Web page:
Afghan Shelter Crackdown Sparks International Advocacy

KABUL, Afghanistan – Here at UN Dispatch, we’ve been following the controversy over the Afghan government’s plan to wrest control of women’s shelters from the non-governmental organizations currently running them and apply highly restrictive admissions criteria for abused women and girls.

In response to Afghan activists’ calls for international solidarity, foreign supporters of Afghan women’s rights have launched petitions and written letters asking the Afghan government to back down and the international community to speak up in support of the threatened shelters. Some updates from the past 48 hours:

Marianne Elliot, a former human rights officer at the United Nations Assistance Mission in Afghanistan (UNAMA), was among the first, if not the first, to put together a form letter to be sent to ambassadors in Kabul. Social justice blogger Akhila Kolisetty promoted Marianne’s campaign through her own blog and on Twitter.

Women for Afghan Women then created a Care2 petition that has been signed by over 1,000 people so far.

On Friday, Assistant US Secretary of State Philip Crowley said:

The United States is concerned by the Afghan Government’s proposed changes to the regulation of women’s shelters. While we recognize that the government needs to monitor shelters, it is important that civil society be allowed to operate these facilities independently. In light of the progress that the Afghan Government has achieved in advancing women’s rights over the past decade, we encourage the government to support the humanitarian work of shelter organizations, and affirm their centrality to ensuring the human rights of all Afghans.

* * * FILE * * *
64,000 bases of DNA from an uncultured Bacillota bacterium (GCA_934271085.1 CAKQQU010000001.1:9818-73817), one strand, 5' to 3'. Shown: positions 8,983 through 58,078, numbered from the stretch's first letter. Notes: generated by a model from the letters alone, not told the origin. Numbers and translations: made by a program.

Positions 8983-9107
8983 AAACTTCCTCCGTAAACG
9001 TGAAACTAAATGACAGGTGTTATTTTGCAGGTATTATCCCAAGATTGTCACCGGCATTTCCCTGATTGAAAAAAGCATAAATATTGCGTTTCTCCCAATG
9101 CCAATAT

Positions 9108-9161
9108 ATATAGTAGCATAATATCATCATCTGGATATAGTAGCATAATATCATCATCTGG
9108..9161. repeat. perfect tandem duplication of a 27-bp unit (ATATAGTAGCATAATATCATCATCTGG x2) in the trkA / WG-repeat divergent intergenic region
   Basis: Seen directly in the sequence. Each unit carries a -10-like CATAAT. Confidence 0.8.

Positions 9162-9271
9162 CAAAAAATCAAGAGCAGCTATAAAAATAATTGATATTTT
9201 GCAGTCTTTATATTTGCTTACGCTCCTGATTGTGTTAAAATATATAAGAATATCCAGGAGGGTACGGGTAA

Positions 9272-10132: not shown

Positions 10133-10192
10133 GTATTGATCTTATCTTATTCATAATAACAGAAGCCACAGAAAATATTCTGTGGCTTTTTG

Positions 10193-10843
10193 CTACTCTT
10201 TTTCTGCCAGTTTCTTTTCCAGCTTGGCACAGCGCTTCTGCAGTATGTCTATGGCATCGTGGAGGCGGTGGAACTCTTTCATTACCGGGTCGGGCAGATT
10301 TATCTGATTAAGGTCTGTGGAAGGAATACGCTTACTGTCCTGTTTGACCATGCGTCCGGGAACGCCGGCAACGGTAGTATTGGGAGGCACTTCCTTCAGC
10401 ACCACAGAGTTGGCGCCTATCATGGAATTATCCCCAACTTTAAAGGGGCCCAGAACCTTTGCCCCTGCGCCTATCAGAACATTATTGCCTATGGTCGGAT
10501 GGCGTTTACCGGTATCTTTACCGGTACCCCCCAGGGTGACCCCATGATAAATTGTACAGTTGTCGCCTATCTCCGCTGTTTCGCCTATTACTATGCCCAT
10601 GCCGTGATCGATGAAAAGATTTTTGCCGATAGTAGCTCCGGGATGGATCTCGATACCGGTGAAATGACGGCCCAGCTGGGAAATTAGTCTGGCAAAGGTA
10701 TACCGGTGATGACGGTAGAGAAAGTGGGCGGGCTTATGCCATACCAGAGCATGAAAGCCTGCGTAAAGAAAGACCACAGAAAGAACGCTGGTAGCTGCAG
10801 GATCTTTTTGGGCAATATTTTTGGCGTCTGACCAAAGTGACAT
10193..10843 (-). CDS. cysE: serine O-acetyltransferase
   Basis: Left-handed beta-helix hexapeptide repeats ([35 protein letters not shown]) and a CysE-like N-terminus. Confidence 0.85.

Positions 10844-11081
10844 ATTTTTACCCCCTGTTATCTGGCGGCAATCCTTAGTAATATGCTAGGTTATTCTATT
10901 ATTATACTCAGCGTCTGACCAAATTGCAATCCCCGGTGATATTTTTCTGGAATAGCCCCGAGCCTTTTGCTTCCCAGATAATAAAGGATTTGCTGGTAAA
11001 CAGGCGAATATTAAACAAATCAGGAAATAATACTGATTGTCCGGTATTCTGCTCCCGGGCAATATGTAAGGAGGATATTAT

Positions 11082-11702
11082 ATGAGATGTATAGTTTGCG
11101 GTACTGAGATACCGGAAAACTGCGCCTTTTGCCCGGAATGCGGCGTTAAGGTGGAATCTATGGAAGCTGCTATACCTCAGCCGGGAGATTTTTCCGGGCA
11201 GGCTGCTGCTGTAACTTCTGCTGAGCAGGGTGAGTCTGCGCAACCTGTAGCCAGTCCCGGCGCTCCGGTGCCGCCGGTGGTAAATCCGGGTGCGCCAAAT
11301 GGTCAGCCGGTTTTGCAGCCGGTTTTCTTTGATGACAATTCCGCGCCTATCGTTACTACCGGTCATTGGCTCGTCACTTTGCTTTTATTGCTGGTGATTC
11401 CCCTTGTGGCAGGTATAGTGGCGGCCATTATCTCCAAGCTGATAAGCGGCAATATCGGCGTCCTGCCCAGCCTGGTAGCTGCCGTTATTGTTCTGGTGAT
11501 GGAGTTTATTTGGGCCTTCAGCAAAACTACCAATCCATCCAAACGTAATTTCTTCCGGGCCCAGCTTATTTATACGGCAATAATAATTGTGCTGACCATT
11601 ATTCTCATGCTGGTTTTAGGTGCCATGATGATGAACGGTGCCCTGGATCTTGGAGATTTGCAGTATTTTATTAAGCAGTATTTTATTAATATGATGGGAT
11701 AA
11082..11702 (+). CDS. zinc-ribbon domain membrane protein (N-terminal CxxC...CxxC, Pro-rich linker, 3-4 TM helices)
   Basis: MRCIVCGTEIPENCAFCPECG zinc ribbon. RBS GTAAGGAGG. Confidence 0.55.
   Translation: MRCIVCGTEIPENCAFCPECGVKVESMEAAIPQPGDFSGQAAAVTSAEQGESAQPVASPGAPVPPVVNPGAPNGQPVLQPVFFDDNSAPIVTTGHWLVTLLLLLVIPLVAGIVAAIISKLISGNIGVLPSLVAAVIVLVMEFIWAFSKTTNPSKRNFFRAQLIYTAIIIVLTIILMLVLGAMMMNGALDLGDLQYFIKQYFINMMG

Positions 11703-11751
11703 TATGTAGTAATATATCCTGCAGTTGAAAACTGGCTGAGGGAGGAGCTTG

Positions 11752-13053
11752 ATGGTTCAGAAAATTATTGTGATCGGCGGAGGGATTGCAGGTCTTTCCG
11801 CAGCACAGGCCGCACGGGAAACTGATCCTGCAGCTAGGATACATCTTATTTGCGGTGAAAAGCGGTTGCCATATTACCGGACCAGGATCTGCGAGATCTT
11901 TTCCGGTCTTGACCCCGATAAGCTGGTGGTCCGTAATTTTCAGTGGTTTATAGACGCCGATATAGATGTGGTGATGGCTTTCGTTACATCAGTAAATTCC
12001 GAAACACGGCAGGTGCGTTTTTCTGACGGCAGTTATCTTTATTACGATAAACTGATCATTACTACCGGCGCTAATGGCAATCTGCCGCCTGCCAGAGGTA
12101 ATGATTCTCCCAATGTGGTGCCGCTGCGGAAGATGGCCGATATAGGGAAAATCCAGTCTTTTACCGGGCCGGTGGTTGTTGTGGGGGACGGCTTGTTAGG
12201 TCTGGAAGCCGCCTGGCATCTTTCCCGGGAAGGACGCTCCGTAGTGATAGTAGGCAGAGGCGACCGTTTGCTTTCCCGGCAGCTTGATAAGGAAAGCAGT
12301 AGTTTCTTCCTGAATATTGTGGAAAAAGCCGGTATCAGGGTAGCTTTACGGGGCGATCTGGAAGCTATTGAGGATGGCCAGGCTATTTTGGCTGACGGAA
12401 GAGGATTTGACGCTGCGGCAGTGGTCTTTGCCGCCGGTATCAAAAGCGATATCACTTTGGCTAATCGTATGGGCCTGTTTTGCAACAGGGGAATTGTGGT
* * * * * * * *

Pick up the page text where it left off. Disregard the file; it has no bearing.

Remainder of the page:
The same day, US senators Barabra Boxer, Benjamin Cardin and Jeanne Shaheen  sent a letter to Afghan president Hamid Karzai calling the impending takeover of the shelters a “grave mistake” and reminding Karzai that:

The United States has worked tirelessly and sacrificed enormously in the hope of seeing the emergence of a viable and secure Afghan state. But as the Obama Administration has said, “it is a simple fact that no country can prosper if half its citizens are left behind. Women’s empowerment is inextricably linked to security, economic opportunity, effective governance, and social development.” As such, we urge you to do what is right, ensuring that Afghan women and girls have every opportunity to succeed and that the most vulnerable members of your society are protected.

While these statement were greeted warmly by the human rights community in Kabul, activists in Afghanistan and abroad are still hoping for a statement from US Ambassador to Afghanistan Karl Eikenberry, or Secretary of State Hillary Clinton, as well as ambassadors of other countries engaged in Afghanistan and the head of UNAMA.

The Afghan government, for its part, hasn’t relented. On Saturday, Karzai defended his government’s plans for the shelters. “What we are doing is in accordance with the constitution and human rights; we are trying to do something that will reduce the pain and problems of women,” he said. At the same press conference, the president said shelters “with good reputations” would be supported. What that last statement means at this point isn’t clear. Powerful conservatives in Karzai’s inner circle believe there’s no such thing as a reputable shelter for women fleeing violence, but sustained diplomatic pressure might prompt them to back down, if only for self-preservation.

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